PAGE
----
Project-based homeschooling curriculum
This time of year, many homeschooling parents are cracking open their catalogs to order what they hope will be the perfect homeschool curriculum. They hope that they can plan a perfect year, with the perfect blend of all the elements of a good education. They aren’t just limiting themselves to books and kits; they’re also scanning Pinterest for ideas for their learning space. They’re juggling a million different ideas and they’re maybe breaking into a light sweat.
Many people land here searching for “project-based homeschooling curriculum.”
I know what they’re really looking for. It’s not a box or a binder that has a map and a plan and a rubric inside. They’re hoping for a glimpse of what happens inside that idea called “project-based homeschooling.” They’re looking to peek through the window and get a feeling for what a typical project looks like or a typical day. They wonder what will happen if they explore down this path.
They rub their sleeve at the frost on the glass and squint and aren’t sure what they see, because they’re not entirely sure what they’re looking for. It sounds good. But what is it really like?
The project-based homeschooling curriculum doesn’t come in a box or a binder. It doesn’t look like a knitted sweater you can take out of the box and pull over your head. It looks like a pair of knitting needles with conspicuously missing yarn. You pick up those needles and wonder if you’ll really be warm in December.
The project-based homeschooling curriculum is built slowly, by hand. The materials are gathered along the way. The gathering and the building are the curriculum. The process is the curriculum.
They say that cutting wood warms you twice: once when you split it with your axe and again when you bask by your fire. In the same way, project-based homeschooling is twice the learning. You learn about your project and along the way you learn how to learn. Instead of dumping it out of a box, you have to go out and build it from scratch. It warms you twice.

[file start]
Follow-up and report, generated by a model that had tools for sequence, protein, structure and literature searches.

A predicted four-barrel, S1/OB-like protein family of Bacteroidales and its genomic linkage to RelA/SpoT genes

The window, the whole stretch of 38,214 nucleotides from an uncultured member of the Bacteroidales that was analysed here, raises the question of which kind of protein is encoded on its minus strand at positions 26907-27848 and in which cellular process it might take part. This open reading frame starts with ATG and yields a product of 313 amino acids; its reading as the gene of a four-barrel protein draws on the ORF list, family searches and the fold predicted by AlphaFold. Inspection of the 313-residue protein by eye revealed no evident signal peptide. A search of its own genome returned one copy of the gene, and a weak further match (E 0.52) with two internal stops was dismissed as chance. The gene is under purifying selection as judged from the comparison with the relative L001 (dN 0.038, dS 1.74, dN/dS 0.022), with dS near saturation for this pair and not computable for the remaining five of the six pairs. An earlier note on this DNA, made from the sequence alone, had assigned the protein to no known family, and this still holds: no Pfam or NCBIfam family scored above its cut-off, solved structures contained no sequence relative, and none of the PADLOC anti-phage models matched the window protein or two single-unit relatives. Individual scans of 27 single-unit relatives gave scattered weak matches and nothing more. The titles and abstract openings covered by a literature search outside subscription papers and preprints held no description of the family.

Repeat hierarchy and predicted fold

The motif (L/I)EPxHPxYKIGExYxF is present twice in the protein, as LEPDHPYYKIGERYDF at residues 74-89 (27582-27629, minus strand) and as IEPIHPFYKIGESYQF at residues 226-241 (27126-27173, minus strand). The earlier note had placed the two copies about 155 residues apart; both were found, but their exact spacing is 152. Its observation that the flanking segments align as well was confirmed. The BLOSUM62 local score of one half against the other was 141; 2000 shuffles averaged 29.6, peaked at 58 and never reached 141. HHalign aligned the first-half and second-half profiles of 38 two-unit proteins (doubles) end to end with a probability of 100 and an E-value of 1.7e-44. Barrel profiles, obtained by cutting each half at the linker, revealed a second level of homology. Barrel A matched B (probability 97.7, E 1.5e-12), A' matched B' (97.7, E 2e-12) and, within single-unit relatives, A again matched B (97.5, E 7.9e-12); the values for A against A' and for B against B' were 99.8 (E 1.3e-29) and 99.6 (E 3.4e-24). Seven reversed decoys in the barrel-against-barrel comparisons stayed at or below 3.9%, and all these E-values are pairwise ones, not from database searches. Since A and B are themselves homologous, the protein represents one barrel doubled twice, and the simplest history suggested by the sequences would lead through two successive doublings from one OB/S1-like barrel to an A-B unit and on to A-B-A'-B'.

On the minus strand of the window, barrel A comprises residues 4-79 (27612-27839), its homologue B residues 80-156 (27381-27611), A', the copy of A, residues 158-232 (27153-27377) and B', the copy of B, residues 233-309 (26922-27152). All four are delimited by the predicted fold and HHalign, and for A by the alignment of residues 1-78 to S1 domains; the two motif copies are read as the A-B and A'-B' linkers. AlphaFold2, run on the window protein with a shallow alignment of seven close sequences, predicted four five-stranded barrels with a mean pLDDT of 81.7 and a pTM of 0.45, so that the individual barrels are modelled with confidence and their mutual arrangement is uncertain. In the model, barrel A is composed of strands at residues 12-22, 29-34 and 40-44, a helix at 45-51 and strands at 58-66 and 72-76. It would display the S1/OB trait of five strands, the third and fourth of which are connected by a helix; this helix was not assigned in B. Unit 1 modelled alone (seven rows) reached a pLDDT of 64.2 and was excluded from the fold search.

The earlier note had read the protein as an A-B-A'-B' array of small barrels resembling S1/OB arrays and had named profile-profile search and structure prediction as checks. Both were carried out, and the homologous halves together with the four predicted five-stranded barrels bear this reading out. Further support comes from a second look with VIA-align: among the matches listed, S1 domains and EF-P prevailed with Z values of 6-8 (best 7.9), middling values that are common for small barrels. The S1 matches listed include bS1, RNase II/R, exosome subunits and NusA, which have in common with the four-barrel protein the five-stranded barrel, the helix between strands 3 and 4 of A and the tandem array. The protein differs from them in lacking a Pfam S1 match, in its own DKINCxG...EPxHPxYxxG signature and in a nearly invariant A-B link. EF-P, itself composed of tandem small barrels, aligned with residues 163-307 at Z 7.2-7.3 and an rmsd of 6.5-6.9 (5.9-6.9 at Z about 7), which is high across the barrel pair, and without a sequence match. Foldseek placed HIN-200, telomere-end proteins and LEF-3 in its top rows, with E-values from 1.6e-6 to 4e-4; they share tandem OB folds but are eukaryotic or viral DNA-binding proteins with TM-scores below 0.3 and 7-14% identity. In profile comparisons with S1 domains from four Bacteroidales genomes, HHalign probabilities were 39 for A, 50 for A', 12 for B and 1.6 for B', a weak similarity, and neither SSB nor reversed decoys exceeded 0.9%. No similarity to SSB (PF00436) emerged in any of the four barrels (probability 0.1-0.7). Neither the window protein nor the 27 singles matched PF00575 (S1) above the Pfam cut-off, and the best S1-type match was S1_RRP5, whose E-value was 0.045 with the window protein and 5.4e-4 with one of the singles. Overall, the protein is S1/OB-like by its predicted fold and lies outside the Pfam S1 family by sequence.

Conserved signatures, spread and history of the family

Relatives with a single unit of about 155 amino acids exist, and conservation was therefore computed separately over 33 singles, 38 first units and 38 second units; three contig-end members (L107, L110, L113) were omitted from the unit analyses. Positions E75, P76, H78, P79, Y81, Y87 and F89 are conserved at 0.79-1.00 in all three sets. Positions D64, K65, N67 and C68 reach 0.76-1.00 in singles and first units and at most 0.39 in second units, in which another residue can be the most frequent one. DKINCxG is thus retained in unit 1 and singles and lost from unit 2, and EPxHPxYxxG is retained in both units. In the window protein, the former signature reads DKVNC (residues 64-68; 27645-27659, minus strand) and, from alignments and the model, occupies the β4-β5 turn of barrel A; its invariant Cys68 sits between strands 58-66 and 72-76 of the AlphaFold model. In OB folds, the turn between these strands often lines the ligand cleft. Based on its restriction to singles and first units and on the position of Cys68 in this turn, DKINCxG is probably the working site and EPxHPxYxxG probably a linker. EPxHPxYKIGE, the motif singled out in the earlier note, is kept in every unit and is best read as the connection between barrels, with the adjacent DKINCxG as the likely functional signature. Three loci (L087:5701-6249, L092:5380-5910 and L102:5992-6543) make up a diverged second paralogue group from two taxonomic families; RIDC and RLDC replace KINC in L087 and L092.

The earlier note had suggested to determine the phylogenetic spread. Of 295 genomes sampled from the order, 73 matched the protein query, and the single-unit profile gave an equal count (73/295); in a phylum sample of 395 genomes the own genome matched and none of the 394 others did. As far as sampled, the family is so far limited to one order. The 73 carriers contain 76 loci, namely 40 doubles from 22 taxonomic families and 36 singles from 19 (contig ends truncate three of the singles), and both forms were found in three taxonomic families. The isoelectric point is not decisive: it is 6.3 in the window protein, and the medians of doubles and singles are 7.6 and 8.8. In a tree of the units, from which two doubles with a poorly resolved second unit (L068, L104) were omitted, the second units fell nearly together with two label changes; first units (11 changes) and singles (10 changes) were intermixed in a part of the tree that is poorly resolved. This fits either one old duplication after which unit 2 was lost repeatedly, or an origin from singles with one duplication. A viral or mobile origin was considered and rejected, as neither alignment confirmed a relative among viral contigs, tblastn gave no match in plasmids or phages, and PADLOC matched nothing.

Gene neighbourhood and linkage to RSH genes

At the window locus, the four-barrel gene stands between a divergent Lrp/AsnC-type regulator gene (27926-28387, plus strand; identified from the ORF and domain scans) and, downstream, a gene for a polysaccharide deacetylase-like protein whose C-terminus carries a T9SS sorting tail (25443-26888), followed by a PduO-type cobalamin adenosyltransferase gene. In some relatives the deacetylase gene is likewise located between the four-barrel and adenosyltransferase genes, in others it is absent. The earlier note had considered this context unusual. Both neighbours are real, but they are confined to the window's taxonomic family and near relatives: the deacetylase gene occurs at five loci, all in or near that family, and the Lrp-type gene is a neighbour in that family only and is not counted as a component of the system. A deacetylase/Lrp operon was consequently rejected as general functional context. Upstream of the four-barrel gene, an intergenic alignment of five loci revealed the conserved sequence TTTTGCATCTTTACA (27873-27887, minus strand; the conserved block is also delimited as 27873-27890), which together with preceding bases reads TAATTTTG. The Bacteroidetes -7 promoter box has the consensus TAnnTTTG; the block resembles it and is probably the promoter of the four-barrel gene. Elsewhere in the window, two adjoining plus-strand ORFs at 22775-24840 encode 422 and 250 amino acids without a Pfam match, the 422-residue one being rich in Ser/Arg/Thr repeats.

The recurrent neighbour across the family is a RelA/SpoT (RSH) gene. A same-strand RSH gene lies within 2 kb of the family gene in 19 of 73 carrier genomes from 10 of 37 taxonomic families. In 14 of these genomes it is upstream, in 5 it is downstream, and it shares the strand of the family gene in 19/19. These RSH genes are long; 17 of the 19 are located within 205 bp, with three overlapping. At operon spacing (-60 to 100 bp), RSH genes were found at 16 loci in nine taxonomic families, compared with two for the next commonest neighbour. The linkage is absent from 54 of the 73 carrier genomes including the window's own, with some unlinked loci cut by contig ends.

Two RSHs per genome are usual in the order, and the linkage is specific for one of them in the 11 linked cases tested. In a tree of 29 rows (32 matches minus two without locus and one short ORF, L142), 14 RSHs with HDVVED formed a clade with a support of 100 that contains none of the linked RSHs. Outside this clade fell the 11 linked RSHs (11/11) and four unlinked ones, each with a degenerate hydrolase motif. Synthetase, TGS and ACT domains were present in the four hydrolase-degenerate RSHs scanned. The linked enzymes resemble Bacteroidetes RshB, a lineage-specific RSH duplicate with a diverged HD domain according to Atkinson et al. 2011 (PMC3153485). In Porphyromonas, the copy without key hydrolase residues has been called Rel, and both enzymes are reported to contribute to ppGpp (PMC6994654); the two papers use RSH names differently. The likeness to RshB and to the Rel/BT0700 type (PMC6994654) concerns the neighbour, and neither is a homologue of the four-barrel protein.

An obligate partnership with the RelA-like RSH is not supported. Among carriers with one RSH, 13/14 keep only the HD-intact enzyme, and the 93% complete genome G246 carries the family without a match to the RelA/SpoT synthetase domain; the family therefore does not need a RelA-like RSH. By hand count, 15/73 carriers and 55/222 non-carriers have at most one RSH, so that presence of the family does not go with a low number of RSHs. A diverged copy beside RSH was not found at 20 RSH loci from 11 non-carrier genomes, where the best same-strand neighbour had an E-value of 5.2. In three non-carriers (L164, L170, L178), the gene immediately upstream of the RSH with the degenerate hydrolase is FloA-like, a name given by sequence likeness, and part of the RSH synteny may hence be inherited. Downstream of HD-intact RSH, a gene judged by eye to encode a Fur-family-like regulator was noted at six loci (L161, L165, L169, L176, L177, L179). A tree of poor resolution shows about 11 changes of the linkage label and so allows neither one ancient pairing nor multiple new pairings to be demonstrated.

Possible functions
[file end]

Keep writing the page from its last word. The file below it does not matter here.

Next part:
Reggio educator Vea Vecchi said, “I hesitate to give advice. Our research is really an adventure, often exciting and diverting, and how can I give advice about going on an adventure?”
So, people landing here looking for the project-based homeschooling curriculum, that’s all I can offer you. The certainty of challenging, engaging work — and the promise of adventure.
To learn more about project-based homeschooling and get started on your adventure, check out the 10 steps to getting started with PBH.
If you are wondering how PBH can be combined with a regular curriculum, project-based homeschooling can be combined with ANY homeschooling approach from classical to unschooling. From the book:
“This book posits a simple idea — that children need the opportunity to direct and manage their own learning — and then suggests ways that we adults can help them do that.”
“Whether you’re a Latin-loving classicist or a relaxed unschooler or somewhere in-between — the point of project-based homeschooling is to devote some time to helping your child direct and manage his own learning.”
“If you follow a more traditional curriculum, you'll need to set aside special time reserved for project work.”
“If you're a more eclectic homeschooler, project learning could be the main focus of your curriculum, possibly meeting most of your learning goals.”
“If you unschool, you probably have plenty of free time for exploration, but remember to make a deliberate and purposeful effort to support your child to dig deeply into her interests and challenge herself to extend her ideas.”
To read about how my family uses a negotiated curriculum, click here.